In the warmer summer months, snakes become much more active and pet owners need to be careful and safeguard their pets from snake bites, plus look out for the warning signs should an animal be bitten.
Dogs will often try to chase or kill snakes resulting in snake bites usually to the dog’s face and legs. Cats, being hunters and chasing anything that moves, are also quite susceptible to snake bites.
The sort of reaction your pet has to a snake bite is determined by a number of factors: the type of snake, the amount of venom injected and the site of the snake bite. Generally the closer the bite is to the heart the quicker the venom spreads to the rest of the body. In addition, at the beginning of summer, snakes’ venom glands are fuller and their bites are much more severe.
The tiger and brown snake are responsible for most of the snake bites in domestic pets. The tiger snakes have a bite that can be fatal to not only pets but humans. Brown snake venom is milder than the tiger snake’s. These snakes have a toxin that causes paralysis and also have an agent in them that uses up all the clotting factors that helps to stop your pet from bleeding. Tiger snakes also have a toxin that breaks down muscle causing damage to the kidneys.
Signs of snake bite include:
- Sudden weakness followed by collapse
- Shaking or twitching of the muscles and difficulty blinking
- Loss of bladder and bowel control
- Dilated pupils
- Blood in urine.
If you think your pet has been bitten by a snake you should keep them calm and quiet and take them to a vet immediately. The chances of recovery are much greater if your pet is treated early, with some pets making a recovery within 48 hours. Pets left untreated have a much lower survival rate and many die. If your vet is some distance away, if practical, you can apply a pressure bandage – a firm bandage over and around the bite site - to help slow the venom spreading to the heart. Do NOT wash the wound or apply a tourniquet.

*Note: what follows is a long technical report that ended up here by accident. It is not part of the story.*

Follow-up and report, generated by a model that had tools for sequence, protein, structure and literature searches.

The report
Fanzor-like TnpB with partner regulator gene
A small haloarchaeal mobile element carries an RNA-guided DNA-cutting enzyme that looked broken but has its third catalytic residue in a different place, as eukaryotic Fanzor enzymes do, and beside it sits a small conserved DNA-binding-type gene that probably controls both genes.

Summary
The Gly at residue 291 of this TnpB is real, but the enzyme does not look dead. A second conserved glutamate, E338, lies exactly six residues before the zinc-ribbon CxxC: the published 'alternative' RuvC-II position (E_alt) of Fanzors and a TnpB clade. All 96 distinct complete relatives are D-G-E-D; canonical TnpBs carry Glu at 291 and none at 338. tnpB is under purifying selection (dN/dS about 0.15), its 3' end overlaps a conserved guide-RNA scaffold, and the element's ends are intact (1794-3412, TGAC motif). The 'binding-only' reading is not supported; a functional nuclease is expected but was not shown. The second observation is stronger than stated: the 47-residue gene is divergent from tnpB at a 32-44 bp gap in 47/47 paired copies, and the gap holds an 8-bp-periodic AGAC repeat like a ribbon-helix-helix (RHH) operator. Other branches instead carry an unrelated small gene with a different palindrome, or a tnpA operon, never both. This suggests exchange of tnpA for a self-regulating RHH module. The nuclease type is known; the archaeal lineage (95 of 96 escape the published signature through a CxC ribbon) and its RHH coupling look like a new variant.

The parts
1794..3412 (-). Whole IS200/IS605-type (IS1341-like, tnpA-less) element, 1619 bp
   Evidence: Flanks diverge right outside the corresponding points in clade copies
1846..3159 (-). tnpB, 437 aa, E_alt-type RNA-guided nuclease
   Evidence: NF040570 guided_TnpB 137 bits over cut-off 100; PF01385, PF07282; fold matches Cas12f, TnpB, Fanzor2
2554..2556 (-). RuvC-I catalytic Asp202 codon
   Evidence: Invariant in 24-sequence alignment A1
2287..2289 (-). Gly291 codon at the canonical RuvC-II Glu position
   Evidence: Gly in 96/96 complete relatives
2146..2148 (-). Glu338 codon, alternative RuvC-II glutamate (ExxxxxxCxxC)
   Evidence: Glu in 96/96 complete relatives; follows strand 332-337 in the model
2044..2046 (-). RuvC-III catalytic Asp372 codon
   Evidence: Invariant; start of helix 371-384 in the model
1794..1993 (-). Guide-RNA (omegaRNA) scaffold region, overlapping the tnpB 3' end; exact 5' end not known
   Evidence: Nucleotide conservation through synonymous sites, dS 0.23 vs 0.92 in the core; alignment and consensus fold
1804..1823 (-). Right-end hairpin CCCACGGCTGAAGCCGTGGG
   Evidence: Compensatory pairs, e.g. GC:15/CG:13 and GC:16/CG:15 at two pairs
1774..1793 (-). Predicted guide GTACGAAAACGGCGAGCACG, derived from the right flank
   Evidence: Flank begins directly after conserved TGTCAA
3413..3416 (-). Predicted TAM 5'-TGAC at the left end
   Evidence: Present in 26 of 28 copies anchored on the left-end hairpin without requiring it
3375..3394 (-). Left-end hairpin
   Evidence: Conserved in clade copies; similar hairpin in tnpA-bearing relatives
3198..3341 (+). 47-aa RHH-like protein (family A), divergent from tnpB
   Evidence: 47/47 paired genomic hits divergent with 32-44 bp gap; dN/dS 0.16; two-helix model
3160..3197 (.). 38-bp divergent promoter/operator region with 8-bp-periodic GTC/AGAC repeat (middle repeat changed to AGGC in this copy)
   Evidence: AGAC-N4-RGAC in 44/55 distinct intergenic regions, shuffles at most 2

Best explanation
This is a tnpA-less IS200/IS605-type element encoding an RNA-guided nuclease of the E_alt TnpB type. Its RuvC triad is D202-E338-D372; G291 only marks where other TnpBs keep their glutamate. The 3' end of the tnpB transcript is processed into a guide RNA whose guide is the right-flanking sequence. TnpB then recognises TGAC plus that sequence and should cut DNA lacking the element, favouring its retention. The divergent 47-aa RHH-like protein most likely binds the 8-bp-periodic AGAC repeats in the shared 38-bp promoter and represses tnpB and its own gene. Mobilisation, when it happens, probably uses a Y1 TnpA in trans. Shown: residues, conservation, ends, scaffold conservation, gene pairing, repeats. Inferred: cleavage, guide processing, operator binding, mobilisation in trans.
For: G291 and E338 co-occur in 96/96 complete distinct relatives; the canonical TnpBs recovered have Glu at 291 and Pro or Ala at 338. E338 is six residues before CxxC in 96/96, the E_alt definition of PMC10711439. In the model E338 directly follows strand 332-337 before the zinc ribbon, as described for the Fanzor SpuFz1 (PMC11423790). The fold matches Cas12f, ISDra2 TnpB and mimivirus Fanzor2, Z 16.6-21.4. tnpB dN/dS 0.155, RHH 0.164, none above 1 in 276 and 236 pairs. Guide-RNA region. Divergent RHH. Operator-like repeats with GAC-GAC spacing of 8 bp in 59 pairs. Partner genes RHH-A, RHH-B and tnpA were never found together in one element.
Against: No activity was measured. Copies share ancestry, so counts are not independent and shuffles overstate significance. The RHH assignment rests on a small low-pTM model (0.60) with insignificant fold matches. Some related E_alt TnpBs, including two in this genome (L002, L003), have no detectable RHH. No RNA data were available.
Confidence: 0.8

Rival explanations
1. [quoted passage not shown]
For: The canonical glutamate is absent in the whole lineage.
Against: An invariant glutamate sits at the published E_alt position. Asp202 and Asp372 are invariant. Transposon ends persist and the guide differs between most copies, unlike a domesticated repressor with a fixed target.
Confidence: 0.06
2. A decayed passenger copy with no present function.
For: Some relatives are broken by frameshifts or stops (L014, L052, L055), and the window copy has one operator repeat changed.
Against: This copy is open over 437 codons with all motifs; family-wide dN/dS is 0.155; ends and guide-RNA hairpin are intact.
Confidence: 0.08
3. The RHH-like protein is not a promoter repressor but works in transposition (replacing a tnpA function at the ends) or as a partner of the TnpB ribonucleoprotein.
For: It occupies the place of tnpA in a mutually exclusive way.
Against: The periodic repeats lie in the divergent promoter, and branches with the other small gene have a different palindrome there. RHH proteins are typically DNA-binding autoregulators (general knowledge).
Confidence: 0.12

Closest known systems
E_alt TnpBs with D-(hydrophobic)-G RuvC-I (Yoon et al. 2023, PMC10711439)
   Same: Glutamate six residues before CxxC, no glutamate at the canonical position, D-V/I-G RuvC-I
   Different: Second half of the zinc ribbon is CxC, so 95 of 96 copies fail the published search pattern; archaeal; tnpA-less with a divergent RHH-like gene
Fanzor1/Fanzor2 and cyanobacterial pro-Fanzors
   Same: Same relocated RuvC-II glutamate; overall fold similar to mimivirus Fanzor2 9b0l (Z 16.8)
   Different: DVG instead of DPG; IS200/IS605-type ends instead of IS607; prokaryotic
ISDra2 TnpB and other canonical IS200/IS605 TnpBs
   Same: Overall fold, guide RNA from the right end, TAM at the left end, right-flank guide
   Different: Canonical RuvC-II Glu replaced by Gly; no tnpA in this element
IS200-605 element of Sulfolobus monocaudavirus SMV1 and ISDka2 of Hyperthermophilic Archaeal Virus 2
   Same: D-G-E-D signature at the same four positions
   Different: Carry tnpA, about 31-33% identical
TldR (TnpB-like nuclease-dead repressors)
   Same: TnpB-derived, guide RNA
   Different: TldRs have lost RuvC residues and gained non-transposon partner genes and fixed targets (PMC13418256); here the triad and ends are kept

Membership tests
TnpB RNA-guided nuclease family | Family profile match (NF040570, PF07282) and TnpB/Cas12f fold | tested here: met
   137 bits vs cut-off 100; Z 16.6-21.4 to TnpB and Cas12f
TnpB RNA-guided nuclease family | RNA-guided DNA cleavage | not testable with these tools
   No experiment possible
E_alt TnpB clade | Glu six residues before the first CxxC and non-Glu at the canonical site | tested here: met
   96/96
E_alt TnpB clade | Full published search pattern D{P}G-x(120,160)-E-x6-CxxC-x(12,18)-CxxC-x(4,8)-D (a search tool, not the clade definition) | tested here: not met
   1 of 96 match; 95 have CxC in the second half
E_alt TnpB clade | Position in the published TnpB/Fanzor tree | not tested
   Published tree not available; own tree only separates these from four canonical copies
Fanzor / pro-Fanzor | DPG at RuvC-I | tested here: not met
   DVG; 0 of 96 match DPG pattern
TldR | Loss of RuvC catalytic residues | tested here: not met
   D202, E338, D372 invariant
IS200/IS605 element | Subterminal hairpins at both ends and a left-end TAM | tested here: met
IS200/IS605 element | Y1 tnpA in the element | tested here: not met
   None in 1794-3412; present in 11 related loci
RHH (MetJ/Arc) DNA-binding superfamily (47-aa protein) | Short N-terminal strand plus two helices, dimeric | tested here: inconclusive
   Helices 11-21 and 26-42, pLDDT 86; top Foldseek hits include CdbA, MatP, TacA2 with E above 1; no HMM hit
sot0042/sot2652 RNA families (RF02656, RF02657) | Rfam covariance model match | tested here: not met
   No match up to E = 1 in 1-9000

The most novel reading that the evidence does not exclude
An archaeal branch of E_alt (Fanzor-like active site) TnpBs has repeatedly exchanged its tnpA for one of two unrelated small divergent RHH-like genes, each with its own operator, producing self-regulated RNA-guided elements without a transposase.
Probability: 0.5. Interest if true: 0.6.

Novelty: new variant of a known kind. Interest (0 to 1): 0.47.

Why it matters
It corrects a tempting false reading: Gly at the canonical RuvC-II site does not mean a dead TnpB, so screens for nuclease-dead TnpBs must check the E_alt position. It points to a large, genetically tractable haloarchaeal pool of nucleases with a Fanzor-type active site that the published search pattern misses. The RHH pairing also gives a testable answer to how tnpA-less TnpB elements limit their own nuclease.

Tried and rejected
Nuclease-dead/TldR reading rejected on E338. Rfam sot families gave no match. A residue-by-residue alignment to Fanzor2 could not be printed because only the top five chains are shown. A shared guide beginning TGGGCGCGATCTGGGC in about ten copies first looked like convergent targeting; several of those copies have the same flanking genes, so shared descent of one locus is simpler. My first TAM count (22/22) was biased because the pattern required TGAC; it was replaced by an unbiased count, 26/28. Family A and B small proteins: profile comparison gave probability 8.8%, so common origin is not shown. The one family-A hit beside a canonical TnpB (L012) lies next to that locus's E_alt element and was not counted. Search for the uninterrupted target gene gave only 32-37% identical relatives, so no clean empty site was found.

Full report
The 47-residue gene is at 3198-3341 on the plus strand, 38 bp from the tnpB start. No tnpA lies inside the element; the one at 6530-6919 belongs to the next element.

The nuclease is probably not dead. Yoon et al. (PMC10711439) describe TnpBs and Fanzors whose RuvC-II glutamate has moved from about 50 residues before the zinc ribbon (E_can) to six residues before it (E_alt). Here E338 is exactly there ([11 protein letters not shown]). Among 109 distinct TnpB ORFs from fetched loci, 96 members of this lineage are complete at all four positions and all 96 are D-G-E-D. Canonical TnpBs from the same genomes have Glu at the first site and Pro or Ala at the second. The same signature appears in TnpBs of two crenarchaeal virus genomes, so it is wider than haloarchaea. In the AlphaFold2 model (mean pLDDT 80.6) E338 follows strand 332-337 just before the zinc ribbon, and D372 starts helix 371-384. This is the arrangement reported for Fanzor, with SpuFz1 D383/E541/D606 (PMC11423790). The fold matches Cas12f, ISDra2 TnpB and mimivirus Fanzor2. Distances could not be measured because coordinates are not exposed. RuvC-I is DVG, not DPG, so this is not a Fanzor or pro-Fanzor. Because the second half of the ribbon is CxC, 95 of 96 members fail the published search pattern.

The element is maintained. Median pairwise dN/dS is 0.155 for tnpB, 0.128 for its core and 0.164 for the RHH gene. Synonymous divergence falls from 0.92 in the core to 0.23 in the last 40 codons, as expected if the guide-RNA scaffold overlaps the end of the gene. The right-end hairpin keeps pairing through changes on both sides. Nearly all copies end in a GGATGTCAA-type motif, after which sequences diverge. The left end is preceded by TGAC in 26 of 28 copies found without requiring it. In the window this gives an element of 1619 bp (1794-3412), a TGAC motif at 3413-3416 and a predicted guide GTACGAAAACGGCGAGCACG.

If you can identify the snake, tell your vet what type of snake it is - but don’t try to catch or kill the snake. If it is dead, bring the snake with you, otherwise there is a blood or urine test that can identify whether your animal has been bitten and the type of snake responsible.
Once the snake has been identified your vet can administer antivenom. Please be warned that antivenom is expensive and can result in a large veterinary bill, so it is best to try and keep your pets safe and away from snakes in the first place.
Snakes are attracted to potential food and water sources and safe, quiet places to hide. To reduce the risk of snakes finding your backyard or property attractive, keep the grass low, clean up any rubbish piles and clear away objects where snakes may be able to hide (e.g. wood piles, under sheets of corrugated metal).
If snakes are a common threat in your area, you could consider building a snake-proof fence around all or part of your property - information about snake-proof fences can be found through a search of the internet.
If you are walking your dog close to bushland - especially near water during the summer months - please keep your dog on a lead and avoid long grassy areas.
Keeping cats indoors with access to a snake-proof outdoor enclosure is the best way to prevent them having encounters with snakes.